Atmosphere&EnvironmentX-Louise Nevelson
 I felt so insufficiently equipped, so unprepared, so weak, and at the same time it seemed to me that my reflections on art were correct.  I quarreled with all the world and with myself.  ~Edgar Degas 1834-1917
Even at the late date, I go into my studio, and I think 'Is this going to be it?  Is it the end?'  You see, nearly everything terrorizes me.  I think that when an artist loses that terror, he's through.  ~Robert Rauschenberg 1925-2008
I was discouraged about life, discouraged about people being blind, but I don't think I had a day that I ever questioned creativity.  There has never been a day like that~Louise Nevelson 1900-1988
I come into the studio very fearfully.  I creep in to see what happened the night before.  And the feeling is one of, 'My God, did I do that?'                          ~Philip Guston 1913-1980
The only sensible way to regard the art life is that it is a privilege you are willing to pay for....You may cite honors and attentions and even money paid, but I would have you note that these were paid a long time after the creator had gone through his struggles.  ~Robert Henri 1855-1929
The difficulties in drawing the figure-that is, manipulating and using the figure in a composition - are enormous.  ~Martha Mayer Erlebacher  1948-2013
The attacks of which I have been the object have broken the spring of life in me....People don't realize what it feels like to be constantly insulted.      ~Edouard Manet 1832-1883
I assumed that everything would lead to complete failure, but I decided that didn't matter - that would be my life.  ~Jasper Johns 1930-
You see in the past, my needs were very great and my fears were very great and my defenses looked like torture.  Well I have come to terms with a lot of things, because, when all's said and done, there's really very little one can do about a lot of things.  You just accept them.  The point is you just have to keep on working and you just have to keep on living.  That's the ball game.               ~Jim Dine 1935-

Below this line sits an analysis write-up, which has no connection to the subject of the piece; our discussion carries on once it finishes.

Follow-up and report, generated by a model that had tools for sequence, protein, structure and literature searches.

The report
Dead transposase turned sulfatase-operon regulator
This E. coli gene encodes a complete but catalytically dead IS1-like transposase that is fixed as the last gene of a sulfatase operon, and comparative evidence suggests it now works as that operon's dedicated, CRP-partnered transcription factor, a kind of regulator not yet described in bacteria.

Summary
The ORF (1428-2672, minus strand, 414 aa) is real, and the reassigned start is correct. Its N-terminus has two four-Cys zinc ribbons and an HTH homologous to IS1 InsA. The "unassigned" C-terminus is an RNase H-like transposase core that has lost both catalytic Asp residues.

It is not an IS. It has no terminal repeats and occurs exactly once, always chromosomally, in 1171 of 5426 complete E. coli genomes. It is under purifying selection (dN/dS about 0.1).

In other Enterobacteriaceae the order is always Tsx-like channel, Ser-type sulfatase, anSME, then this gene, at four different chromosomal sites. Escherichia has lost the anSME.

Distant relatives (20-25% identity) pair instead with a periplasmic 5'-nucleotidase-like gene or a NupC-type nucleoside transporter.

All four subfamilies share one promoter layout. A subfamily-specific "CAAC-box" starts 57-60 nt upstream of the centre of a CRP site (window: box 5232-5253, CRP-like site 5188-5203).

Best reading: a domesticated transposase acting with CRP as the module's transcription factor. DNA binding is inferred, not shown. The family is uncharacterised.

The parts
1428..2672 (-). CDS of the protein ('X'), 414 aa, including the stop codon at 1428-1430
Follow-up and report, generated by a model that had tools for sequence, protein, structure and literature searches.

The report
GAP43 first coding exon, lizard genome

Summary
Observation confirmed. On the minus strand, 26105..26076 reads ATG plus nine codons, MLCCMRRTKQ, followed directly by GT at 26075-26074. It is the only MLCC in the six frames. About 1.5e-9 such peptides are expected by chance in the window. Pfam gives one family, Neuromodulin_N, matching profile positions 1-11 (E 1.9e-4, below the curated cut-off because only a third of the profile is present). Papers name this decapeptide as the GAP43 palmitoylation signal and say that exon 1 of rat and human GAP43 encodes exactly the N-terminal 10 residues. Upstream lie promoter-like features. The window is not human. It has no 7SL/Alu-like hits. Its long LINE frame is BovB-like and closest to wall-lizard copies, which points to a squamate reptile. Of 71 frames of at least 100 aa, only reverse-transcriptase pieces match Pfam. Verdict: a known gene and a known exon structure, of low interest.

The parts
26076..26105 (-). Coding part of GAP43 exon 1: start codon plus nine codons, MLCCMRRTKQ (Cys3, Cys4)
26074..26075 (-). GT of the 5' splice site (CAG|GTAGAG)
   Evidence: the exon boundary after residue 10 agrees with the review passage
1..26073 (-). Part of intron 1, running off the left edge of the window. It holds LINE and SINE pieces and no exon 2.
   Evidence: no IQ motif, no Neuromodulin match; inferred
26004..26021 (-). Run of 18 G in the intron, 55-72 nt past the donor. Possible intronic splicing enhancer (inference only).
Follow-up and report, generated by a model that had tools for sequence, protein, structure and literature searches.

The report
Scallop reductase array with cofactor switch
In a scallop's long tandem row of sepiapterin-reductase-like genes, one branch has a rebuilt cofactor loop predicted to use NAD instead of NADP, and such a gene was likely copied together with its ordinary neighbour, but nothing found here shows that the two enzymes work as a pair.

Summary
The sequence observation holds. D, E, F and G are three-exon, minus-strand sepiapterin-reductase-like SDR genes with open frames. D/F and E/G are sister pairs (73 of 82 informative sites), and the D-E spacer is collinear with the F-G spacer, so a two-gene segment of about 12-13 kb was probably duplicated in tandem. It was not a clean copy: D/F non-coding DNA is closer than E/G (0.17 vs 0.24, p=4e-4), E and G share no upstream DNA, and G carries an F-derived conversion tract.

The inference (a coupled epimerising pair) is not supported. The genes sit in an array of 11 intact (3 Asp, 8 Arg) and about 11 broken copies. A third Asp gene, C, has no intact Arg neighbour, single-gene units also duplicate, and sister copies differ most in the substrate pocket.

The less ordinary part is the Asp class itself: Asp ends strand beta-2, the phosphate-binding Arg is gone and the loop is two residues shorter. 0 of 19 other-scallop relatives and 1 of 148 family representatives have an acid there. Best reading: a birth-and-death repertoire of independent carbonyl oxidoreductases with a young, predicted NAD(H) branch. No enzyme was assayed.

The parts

So.  I hope you have a very acceptable Sunday and that you make some time today to get into your studio and create.  We have two more John Cleese excerpts this coming week to wrap up his lecture on creativity.  It's not to be missed.  He saves the best for last :).

'Til tomorrow!

~Alex

Saturday, August 23, 2014

Setting Yourself Up for Creativity - Pt. 7

Hope you are enjoying your weekend so far.  I know I am and will continue to do so having carved out some Saturday studio time...always a boon to get an extra day in the week to play :)...oh!
I mean work ;)

But first - I thought a mom light bulb joke would be fun:

 
 
And here's the next part of John Cleese's creativity talk.  If you wish to listen to all of it on You Tube just click here:
Humor is an essential part of spontaneity, an essential part of playfulness, an essential part of the creativity that we need to solve problems, no matter how 'serious' they may be.
So when you set up a space/time oasis, giggle all you want.
And there, ladies and gentlemen, are the five factors which you can arrange to make your lives more creative:
Space, Time, Time, Confidence, and Lord Jeffrey Archer.
So, now you know how to get into the Open Mode. 
The only other requirement is that you keep mind gently 'round the subject you're pondering.
You'll daydream, of course.  But, you just keep bringing your mind back, just like with meditation. Because - and this is the extraordinary thing about creativity - if you just keep your mind resting against the subject - in a friendly but persistent way - sooner or later you will get a reward from your unconscious...probably in the shower later....or at breakfast the next morning.  
But suddenly you are rewarded.  Out of the blue - a new thought mysteriously appears.  If you've put in the pondering time first.
So, how many Cecil Parkinsons does it take to change a lightbulb? Answer: two, one to screw it in, one to screw it up.
How many account executives does it take to screw in a lightbulb? Answer: Can I get back to you on that?
How many Norwei--- Oh, sorry, how many Yugoslav--- how many Malt-- how many Dutch--- I'm out of jokes.
Oh! One thing!
Looking at you all reminds me.  I think it's easy to be creative if you've got other people to play with.
I always find that if two (or more) of us throw ideas backwards and forwards - I get to more interesting and original places than I could have ever have gotten to on my own.
But there is a danger, a real danger!
If there's one person around you who makes you feel defensive - you lose the confidence to play, and it's goodbye creativity!
So.  Always make sure your play friends are people that you like and trust.
And never say anything to squash them either!
Never say "no" or "wrong" or "I don't like that."  Always be positive, and build on what is being said:
"Would it be even better if…"
"I don't quite understand that, can you just explain it again?"
"Go on…"
"What if…?"
"Let's pretend…"